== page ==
Candidates running for San Luis Obispo County assessor faced off Wednesday night, with longtime incumbent Tom Bordonaro Jr. responding to questions from challenger David Boyer about his leadership abilities and work ethic.
The two candidates participated in a forum put on by the Latino Outreach Council in San Luis Obispo ahead of the county's June 5 primary election.
Boyer, who's worked as a deputy assessor for the past five years, said his boss has a habit of rarely coming into the office, leaving taxpayers in need of a new leader.
Bordonaro has served as assessor for the past 16 years, since he beat out Dick Frank, a 25-year incumbent, in 2002. He's run unopposed in every election until 2018.
"It troubled me that an elected official would run for re-election without ever showing up," Boyer said during his opening statement.
Boyer calls for new leadership
Boyer said he never intended to run for public office, but felt compelled to enter the race after witnessing Bordonaro's leadership issues.
He claims the office has not completed its workload on time for years, and assessment appeals and building permit updates tend to drag on.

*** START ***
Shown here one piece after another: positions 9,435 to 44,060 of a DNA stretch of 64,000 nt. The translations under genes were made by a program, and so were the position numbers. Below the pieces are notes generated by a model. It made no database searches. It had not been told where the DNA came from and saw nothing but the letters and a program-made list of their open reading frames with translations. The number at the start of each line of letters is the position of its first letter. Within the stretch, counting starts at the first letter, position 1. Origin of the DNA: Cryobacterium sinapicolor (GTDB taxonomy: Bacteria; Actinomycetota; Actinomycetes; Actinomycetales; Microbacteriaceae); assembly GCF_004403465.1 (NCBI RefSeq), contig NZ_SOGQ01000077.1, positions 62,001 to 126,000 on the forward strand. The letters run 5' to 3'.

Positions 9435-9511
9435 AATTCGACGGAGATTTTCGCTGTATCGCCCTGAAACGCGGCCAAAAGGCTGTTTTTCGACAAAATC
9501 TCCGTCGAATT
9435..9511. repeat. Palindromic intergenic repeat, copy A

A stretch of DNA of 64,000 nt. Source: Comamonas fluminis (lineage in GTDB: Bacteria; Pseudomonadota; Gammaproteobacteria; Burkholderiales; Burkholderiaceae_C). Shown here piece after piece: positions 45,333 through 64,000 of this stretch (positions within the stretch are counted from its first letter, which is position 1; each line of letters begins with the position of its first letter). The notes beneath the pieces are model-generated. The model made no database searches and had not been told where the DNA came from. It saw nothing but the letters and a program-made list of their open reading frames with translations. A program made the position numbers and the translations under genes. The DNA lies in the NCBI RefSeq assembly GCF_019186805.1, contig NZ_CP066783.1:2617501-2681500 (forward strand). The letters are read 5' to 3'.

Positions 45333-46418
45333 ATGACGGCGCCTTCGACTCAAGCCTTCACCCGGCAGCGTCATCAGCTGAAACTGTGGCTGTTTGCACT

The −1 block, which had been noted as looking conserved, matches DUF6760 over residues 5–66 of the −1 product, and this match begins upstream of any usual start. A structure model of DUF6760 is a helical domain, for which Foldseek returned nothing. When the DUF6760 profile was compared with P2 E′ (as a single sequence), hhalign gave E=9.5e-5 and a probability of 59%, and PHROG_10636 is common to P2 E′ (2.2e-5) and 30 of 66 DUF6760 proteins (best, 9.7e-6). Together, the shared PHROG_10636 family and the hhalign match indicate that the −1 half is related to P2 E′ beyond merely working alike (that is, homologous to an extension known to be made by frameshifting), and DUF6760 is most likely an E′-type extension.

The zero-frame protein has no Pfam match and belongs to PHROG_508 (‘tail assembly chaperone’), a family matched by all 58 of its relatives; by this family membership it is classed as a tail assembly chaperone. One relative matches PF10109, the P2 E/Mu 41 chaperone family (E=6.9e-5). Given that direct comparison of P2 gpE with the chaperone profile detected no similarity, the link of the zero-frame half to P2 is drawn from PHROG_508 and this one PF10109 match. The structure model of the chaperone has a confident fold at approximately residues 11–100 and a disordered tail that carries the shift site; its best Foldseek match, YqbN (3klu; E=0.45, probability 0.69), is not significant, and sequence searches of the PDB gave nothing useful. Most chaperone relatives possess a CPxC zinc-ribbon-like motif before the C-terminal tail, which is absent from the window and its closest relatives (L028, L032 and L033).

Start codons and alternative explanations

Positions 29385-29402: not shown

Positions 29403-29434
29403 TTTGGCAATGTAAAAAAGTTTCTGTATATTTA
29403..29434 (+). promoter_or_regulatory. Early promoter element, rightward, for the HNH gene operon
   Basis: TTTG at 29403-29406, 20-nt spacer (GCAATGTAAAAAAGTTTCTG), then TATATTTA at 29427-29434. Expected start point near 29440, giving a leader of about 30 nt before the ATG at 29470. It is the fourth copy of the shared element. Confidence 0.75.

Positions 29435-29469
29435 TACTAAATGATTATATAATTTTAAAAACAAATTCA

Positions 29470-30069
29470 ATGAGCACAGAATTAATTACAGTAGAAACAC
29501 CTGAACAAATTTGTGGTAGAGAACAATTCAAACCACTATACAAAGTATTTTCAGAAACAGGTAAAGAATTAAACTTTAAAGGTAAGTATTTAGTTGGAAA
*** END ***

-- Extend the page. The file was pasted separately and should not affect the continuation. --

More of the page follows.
"I thank Tom for his 16 years, but it is time for new leadership," Boyer said.
Bordonaro says he's not a micromanager
Bordonaro didn't refute Boyer's claims, but he said he's not a micromanager and "in this day and age, a lot of things can be done outside the office."
"Actually being in the office and behind the desk is not something that needs to be done," he said.
Bordonaro said his office has worked proactively to reassess properties, especially during the Great Recession.
The low number of assessment appeals taxpayers have filed is a testament to his leadership and his staff's work, he said: "I'm a results-oriented person."
Housing and Proposition 13
Both candidates said they support Proposition 13, which capped property tax rates at one percent of a home's value at the time of purchase.
Even so, they acknowledged the need for lower housing costs.
Boyer said he'd like to see the homeowner's tax exemption increased and fees on newly-constructed homes reduced.
"Growth is inevitable," Bordonaro said. "You're either going to have to grow up or grow out."
New leadership versus consistency
Ultimately, Bordonaro said he loves his job and he'd like to stay in office "as long as I can." He claimed strong interpersonal relationships and communication skills as his strengths.
"I will make sure that your assessments are accurate and fair," Bordonaro said.
Boyer said it's important for a leader to have the humility to know when it's time to step down.
He said he wants to speed up tax assessments, reduce management positions and be the kind of assessor taxpayers interact with at the office counter.
"I hope voters will not overlook this race," Boyer said.